Phonetic Chart Explained

In this video I will make the phonetic chart explained and talk about the purpose and overall structure of the Phonetic chart for English Pronunciation.

In this video we are going to be looking at the phonetic chart.

At first it looks like a meaningless collection of symbols. But each symbol represents a different sound.

In spoken form, most of the English language can be broken down into 44 separate sounds. The phonetic chart shows us how these sounds relate to each other. There are three sections to the chart.

Phonetic Chart Explained: Vowels

The first section is single vowel sounds. These are also sometimes called monophthongs. When we think about the alphabet we normally think of there being 5 vowels A, E, I, O, U.

However, there are many ways that these letters are pronounced, so the pronunciation is very inconsistent. This makes things difficult when learning English especially as in many other languages the vowels sounds are pronounced more consistently with how they they are spelled.

On the top row we have the sounds

  • /I/
  • /ɪ/
  • /ʊ/
  • /uː/

With all these sounds the mouth is almost closed and the sound is made at the top of the mouth. That is why they are on the top row.

On the second row we have the sounds

  • /e/
  • /ə/
  • /ɜː/
  • /ɔː/

Now the mouth is open a little more and it feels like the sounds comes straight out through the middle of the mouth. That is why they are on the middle row.

On the bottom row we have the sounds

  • /æ/
  • /ʌ/
  • /ɑː/
  • /ɒ/

To make these sounds our mouths should be almost wide open and it feels like the sound is coming from the bottom of the mouth. That is why they are on the bottom row.

The columns are also important because they give us an idea of the position of the tongue.

With the left column the tongue is at the front.

  • /iː/
  • /e/
  • /æ/

The tongue moves back a little for the second column.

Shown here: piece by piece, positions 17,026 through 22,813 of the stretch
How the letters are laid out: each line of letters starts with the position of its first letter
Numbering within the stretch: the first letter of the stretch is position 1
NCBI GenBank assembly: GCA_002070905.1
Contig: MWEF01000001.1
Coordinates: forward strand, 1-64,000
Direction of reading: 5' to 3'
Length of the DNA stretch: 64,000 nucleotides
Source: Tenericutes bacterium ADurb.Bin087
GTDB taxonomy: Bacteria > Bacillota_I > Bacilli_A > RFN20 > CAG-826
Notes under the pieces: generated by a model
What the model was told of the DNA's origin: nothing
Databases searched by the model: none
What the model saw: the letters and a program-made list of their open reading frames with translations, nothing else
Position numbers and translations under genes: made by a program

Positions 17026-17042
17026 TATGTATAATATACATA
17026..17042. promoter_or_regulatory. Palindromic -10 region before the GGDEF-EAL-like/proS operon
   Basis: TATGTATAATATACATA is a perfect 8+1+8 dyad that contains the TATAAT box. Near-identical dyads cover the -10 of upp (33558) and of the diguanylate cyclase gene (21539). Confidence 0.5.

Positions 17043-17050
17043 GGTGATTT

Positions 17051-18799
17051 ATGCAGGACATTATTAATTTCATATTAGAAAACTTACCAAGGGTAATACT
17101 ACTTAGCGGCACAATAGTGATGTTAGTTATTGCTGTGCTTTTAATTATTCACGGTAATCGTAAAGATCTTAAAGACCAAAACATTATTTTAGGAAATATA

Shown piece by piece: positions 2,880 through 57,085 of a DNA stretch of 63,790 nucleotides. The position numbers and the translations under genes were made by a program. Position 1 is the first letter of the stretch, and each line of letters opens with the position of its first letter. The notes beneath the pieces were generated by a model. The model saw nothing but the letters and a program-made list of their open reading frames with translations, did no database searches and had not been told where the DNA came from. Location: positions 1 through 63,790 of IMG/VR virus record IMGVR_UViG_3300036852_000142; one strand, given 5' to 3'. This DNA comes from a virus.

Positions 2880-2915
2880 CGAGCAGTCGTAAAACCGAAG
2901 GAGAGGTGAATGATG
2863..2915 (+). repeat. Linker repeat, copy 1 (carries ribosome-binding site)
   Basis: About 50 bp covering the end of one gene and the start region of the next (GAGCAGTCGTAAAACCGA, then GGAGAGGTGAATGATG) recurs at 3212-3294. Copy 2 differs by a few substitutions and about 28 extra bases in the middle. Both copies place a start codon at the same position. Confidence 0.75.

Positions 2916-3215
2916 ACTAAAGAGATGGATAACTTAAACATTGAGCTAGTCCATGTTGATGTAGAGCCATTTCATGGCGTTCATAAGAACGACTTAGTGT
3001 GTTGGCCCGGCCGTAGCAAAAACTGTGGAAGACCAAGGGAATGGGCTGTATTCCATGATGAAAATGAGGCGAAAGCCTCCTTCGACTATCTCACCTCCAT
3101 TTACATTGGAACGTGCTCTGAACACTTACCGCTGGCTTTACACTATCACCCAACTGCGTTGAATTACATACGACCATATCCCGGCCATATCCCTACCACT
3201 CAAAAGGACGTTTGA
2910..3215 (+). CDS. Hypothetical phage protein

• /ɪ/
  • /ə/
  • /ʌ/

Back a little more for the third.

  • /ʊ/
  • /ɜː/
  • /ɑː/

And now finally at the back

  • /uː/
  • /ɔː/
  • /ɒ/

Phonetic Chart Explained: Diphthongs

The second section is the diphthongs, on our charts that is the section in red. Diphthongs are also vowel sounds, but they are combinations of two vowel sounds that appear together within the same syllable producing a new unique sound.

They’re arranged according to the second sound.

In the first column we have the /ə/ sounds

  • /ɪə/
  • /ʊə/
  • /eə/

In the second column we have the /ɪ/ sounds. We should note that the symbols for these diphthongs are written with the /ɪ/ symbol but the sound is often the longer but similar /i:/.

  • /eɪ/
  • /ɔɪ/
  • /aɪ/

And in the third column we have the /ʊ/ symbol. Again sometimes the sound is more similar to the longer /uː/.

  • /əʊ/
  • /aʊ/

Phonetic Chart Explained: Consonant Pairs

The third section is the consonant sounds, The first 2 rows are sometimes called consonant pairs. This is because the sounds of each pair are produced in a very similar way. Lets look at the first pair.

  • /p/ and /b/

The sound is similar but the physical shape of mouth is almost exactly the same. The only difference is /b/ is voiced which means that we use our vocal chords to produce the sound. If you feel you neck when you say the sound you should feel some vibration. Now if you say /p/, if you say it correctly you will not feel that vibration.

The same is true of the next pair

  • /t/, and /d/

/d/ is voiced and /t/ isn’t.

  • /ʧ/ and /ʤ/
  • /k/ and /g/
  • /f/ and /v/
  • /θ/ and /ð/
  • /s/ and /z/
  • /ʃ/ and /ʒ/

Phonetic Chart Explained: Single Consonants

Finally in the bottom row we have the single consonants

  • /m/
  • /ŋ/
  • /h/
  • /l/
  • /r/
  • /w/
  • /j/

So you can see now, that the phonetic chart is not just a random collection of symbols but useful tool learning correct pronunciation. For an even more detailed explanation of one of the sections, click on one of the annotations on the left of the screen. We have also produced an interactive chart using YouTube’s annotations. So you can click on a symbol and it will jump to the part of the video that play that sound. So you can listen over and over to the sounds you want to study. Remember you can have online classes with me or one of our other teachers. Check out our website for details. You can also find us on Twitter, Facebook, and Skype. If you have any questions or comments please get in touch, we are here to help you.



One Response to “Phonetic Chart Explained”

  1. Mohamed April 27, 2015 at 7:16 am #

    No words to explain how much i’d enjoyed your lessons thank you !

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